Bullying may be intentional or unintentional. However, it must be noted that when an allegation of bullying is made, the intention of the alleged bully is irrelevant, and will not be given consideration when meting out discipline. As in sexual harassment, it is the effect of the behavior on the individual that is important. [Company Name] considers the following types of behavior examples of bullying:
Verbal bullying: Slandering, ridiculing or maligning a person or his or her family; persistent name calling that is hurtful, insulting or humiliating; using a person as butt of jokes; abusive and offensive remarks.
Physical bullying: Pushing, shoving, kicking, poking, tripping, assault or threat of physical assault, damage to a person’s work area or property
Gesture bullying: Nonverbal threatening gestures; glances that can convey threatening messages.
Exclusion: Socially or physically excluding or disregarding a person in work-related activities.
In addition, the following examples may constitute or contribute to evidence of bullying in the workplace:
Persistent singling out of one person.
Shouting or raising voice at an individual in public or in private.
Using verbal or obscene gestures.
Not allowing the person to speak or express himself of herself (i.e., ignoring or interrupting).
Personal insults and use of offensive nicknames.
Public humiliation in any form.
Constant criticism on matters unrelated or minimally related to the person’s job performance or description.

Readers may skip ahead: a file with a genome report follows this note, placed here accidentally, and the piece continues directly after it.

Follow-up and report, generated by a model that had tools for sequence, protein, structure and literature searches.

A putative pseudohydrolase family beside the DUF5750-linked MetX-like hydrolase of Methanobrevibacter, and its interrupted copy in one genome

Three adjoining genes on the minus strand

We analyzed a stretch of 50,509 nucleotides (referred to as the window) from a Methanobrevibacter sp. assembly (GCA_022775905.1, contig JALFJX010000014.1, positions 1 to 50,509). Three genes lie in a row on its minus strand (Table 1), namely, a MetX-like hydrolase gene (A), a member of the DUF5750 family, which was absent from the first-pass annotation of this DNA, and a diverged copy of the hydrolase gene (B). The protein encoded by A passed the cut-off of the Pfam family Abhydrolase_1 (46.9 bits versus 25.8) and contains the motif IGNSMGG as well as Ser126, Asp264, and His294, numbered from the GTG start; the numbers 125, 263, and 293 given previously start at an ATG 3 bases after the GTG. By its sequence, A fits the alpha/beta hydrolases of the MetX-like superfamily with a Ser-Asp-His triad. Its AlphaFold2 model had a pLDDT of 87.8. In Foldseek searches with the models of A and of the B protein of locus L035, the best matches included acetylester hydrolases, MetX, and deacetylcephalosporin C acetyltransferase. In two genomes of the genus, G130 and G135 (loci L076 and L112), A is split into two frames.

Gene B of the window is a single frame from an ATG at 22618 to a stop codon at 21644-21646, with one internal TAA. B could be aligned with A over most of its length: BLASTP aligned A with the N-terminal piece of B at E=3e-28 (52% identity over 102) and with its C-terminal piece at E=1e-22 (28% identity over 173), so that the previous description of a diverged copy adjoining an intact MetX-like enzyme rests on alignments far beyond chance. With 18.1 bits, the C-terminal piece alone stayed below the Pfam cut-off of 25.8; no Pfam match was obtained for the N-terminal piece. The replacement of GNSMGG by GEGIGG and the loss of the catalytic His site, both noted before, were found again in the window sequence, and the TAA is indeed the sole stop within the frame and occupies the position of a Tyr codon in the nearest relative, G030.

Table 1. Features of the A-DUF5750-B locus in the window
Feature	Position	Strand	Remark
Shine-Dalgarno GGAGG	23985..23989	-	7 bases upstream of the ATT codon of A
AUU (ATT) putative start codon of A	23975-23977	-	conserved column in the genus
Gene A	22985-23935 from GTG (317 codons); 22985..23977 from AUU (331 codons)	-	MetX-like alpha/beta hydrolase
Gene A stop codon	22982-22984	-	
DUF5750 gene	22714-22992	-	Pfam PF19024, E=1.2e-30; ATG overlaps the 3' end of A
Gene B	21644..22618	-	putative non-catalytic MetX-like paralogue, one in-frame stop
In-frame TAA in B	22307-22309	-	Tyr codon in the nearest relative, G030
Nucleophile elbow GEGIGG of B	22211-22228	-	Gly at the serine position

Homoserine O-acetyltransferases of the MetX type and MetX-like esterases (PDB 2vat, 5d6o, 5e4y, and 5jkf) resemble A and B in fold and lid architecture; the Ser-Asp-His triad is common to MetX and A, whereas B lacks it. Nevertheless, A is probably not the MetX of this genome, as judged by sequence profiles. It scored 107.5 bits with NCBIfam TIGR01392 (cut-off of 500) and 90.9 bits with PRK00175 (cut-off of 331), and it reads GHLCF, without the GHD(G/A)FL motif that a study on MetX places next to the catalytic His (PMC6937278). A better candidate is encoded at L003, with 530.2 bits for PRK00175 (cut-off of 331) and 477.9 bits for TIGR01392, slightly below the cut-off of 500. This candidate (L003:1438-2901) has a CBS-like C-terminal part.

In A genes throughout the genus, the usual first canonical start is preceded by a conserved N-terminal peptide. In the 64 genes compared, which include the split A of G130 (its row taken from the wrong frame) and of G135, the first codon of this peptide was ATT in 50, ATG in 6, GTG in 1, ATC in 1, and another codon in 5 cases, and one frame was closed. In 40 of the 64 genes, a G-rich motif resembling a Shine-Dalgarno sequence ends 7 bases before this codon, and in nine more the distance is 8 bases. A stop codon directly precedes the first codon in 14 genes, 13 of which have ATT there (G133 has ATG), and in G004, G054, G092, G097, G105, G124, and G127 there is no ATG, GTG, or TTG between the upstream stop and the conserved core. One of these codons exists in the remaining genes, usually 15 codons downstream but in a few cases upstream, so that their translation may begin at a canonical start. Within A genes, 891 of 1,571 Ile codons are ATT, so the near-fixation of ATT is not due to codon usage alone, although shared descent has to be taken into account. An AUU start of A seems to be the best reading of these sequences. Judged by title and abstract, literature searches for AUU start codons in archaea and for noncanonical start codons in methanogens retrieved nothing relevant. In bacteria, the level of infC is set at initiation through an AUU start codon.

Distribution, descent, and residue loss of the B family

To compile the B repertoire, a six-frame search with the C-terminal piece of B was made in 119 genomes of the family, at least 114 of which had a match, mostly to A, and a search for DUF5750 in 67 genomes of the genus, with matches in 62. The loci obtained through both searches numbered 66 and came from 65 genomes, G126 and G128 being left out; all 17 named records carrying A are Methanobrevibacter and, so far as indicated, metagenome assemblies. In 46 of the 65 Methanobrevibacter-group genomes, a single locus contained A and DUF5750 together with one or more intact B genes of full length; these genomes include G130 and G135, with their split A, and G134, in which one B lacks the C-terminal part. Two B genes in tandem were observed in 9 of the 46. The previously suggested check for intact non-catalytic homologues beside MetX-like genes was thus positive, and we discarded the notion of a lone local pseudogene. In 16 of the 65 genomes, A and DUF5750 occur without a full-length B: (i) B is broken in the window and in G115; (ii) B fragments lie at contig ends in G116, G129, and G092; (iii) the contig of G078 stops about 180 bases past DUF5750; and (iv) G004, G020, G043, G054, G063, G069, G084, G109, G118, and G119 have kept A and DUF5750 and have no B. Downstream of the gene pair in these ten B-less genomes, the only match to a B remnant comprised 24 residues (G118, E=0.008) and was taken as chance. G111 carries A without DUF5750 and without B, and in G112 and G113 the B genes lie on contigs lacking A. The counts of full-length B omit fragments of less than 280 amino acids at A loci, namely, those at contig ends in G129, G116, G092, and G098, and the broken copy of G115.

Ignoring or interrupting an individual at meetings.
Repeatedly accusing someone of errors that cannot be documented.
Deliberately interfering with mail and other communications.
Spreading rumors and gossip regarding individuals.
Encouraging others to disregard a supervisor’s instructions.
Manipulating the ability of someone to do his or her work (e.g., overloading, underloading, withholding information, assigning meaningless tasks, setting deadlines that cannot be met, giving deliberately ambiguous instructions).
Inflicting menial tasks not in keeping with the normal responsibilities of the job.
Taking credit for another person’s ideas.
Refusing reasonable requests for leave in the absence of work-related reasons not to grant leave.
Deliberately excluding an individual or isolating him or her from work-related activities, such as meetings.
Unwanted physical contact, physical abuse or threats of abuse to an individual or an individual’s property (defacing or marking up property).
The HR Knowledge Center has gathered resources on current topics in HR management. Click here to view available topics.
You have successfully saved this page as a bookmark.
Please confirm that you want to proceed with deleting bookmark.
You have successfully removed bookmark.
Please log in as a SHRM member before saving bookmarks.
Please sign in as a SHRM member before saving bookmarks.
Please purchase a SHRM membership before saving bookmarks.
An error has occurred
Recommended for you
Talent Attraction Study: What Matters to the Modern Candidate
Choose from dozens of free webcasts on the most timely HR topics.
SHRM’s HR Vendor Directory contains over 3,200 companies